The eruption of class struggle in Wisconsin, that saw workers occupy the State Capitol Building for 17 days, has swept away two ideas that have been a mainstay of American political commentary since the Republican victory in last November’s midterm elections. First that America is a centre-right nation, for whom the agenda of Obama and the Democrats was too left-wing and out of touch with “true” Americans. Second that the far-right Tea Party, whose hysteria about big government has dominated the media, represent grassroots America.
The upsurge in Wisconsin comes after a long absence of activism from the labour movement. The mass movement that swept Obama into power was demobilised soon after he was elected, allowing his administration to capitulate to the right. Having demoralised their base, the Democrats lost control of the political agenda in the face of a right-wing backlash. The Republicans’ confidence grew, despite widely unpopular policies. They initially refused to pass a bill giving healthcare to 9/11 emergency workers and have demanded reductions in the American deficit—while opposing any taxes on the rich or big business and resisting attempts to re-regulate Wall street and the banks in the aftermath of the financial crisis.
But pathetically the Democrats are united with the Republicans on the need for austerity, which would see ordinary people suffer cuts in pay, conditions and services for a crisis they did not cause.
With this backdrop Tea Party member and newly-elected Republican leader of the state of Wisconsin, Scott Walker, brought forward a bill not just cutting public sector pay and benefits, but stripping public sector unions of the right to collectively bargain. This attack on workers has produced militant demonstrations of a kind not been seen for a generation. The day after Scott Walker signed the bill into law, Madison saw the biggest demonstration in its history with 185,000 on the streets.
The demonstrations successfully drew in more workers beyond those directly targeted by the bill. Fire-fighters, whom the bill does not touch, came out in solidarity with the other public sector workers. Workers from the private sector also came out, understanding that the Republicans will not limit themselves to these attacks. The initial protests were led in particular by teachers. One of the most effective actions was the teacher-led walk out that closed schools in the capital. The kind of working class unity that was on display shows the power to stop the Republicans in their tracks.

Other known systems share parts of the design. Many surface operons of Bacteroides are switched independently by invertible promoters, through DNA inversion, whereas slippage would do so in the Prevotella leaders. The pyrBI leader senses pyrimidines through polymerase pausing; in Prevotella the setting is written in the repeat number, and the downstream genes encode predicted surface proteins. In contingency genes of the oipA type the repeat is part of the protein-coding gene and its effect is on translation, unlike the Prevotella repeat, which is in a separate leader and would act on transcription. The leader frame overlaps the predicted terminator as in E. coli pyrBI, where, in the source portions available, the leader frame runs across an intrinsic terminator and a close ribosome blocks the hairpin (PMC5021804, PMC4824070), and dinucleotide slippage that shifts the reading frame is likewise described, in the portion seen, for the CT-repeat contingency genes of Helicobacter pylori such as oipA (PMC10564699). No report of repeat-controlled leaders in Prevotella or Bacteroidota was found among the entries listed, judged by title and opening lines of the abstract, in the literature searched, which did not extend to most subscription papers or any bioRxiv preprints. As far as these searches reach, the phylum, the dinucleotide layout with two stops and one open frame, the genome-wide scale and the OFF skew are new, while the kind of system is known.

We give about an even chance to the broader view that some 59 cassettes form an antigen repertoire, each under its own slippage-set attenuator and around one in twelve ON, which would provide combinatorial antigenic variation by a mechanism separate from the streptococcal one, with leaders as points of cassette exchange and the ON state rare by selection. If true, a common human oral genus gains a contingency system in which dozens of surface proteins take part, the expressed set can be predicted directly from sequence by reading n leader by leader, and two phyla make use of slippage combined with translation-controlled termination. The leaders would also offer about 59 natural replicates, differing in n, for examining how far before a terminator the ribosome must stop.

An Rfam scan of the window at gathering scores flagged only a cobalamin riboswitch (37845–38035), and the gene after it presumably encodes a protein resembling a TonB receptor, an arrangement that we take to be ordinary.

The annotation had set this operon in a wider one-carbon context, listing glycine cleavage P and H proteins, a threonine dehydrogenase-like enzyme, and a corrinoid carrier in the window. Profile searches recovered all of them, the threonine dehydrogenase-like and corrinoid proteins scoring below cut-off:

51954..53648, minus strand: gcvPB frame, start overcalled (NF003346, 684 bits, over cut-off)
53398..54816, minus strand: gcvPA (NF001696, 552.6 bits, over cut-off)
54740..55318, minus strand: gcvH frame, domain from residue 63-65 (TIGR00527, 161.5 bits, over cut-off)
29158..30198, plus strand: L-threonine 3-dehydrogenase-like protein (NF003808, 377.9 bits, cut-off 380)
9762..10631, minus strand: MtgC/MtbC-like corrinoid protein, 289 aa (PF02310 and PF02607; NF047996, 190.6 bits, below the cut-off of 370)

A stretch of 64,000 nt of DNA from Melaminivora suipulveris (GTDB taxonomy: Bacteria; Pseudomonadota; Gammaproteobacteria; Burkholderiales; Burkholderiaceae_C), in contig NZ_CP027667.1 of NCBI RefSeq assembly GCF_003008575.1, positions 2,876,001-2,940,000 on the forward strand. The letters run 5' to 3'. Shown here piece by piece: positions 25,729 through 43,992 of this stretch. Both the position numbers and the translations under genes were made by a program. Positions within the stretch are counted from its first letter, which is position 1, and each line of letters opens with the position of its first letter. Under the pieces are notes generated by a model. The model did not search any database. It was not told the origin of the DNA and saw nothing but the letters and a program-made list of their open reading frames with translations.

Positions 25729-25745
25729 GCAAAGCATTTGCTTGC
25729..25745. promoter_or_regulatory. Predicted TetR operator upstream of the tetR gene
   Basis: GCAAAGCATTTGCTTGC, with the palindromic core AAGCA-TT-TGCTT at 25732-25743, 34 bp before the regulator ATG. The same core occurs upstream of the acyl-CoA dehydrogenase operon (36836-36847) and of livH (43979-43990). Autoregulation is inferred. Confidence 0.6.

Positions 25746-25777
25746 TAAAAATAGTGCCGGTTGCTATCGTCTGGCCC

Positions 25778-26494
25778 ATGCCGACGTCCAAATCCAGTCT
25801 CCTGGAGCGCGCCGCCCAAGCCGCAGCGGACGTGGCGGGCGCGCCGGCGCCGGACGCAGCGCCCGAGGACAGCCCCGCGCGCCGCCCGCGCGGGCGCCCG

The Capitol Building itself became a hub of working class solidarity. To maintain the occupation, workers organised to ensure that food and medical supplies reached the demonstrators inside.
But eventually the occupation ended and the Republicans discovered a parliamentary manoeuvre to allow them to pass the changes and avoid Democratic Senators’ blocking tactics. The occupation’s end revealed the divide in the movement, with union officials and Democrats on the one hand trying to steer workers away from strike action, and instead focus on an electoral campaign to recall Walker and the Republican senators in a year’s time. On the other hand many rank-and-file workers wanted to continue fighting, not just to defend collective bargaining but against the layoffs and the cuts as they come down.
The Republicans are determined to press ahead with their attacks. Scott Walker has even drawn parallels to Republican President Ronald Reagan breaking the air traffic controllers union, the first blow in a series of historic union defeats in the 1980s.
Workers across the US are facing similar measures in other states, and from their federal government, as they force through cuts aimed at reducing government deficits. Once again workers are being made to bear the cost of the economic crisis, and the debts governments took on by bailing out billionaire banks and hedge funds. This is despite a return to record profits, record pay and bonuses at the very same banks and Wall Street firms who caused the crisis.
Workers in Wisconsin made many references to Egypt during the demonstrations, now they must follow the lead of the Egyptian workers, whose mass strikes broke Mubarak’s regime and have been winning concessions through further strike action from a ruling class that is now on the defensive. Workers in the US need to learn the lesson that relying on Democratic politicians, who disagree with the Republicans only on the severity of the cuts necessary, will get us nowhere. Like Egypt’s workers, workers in the US need to use the power of strike action to force change. This is the key to winning the struggles ahead.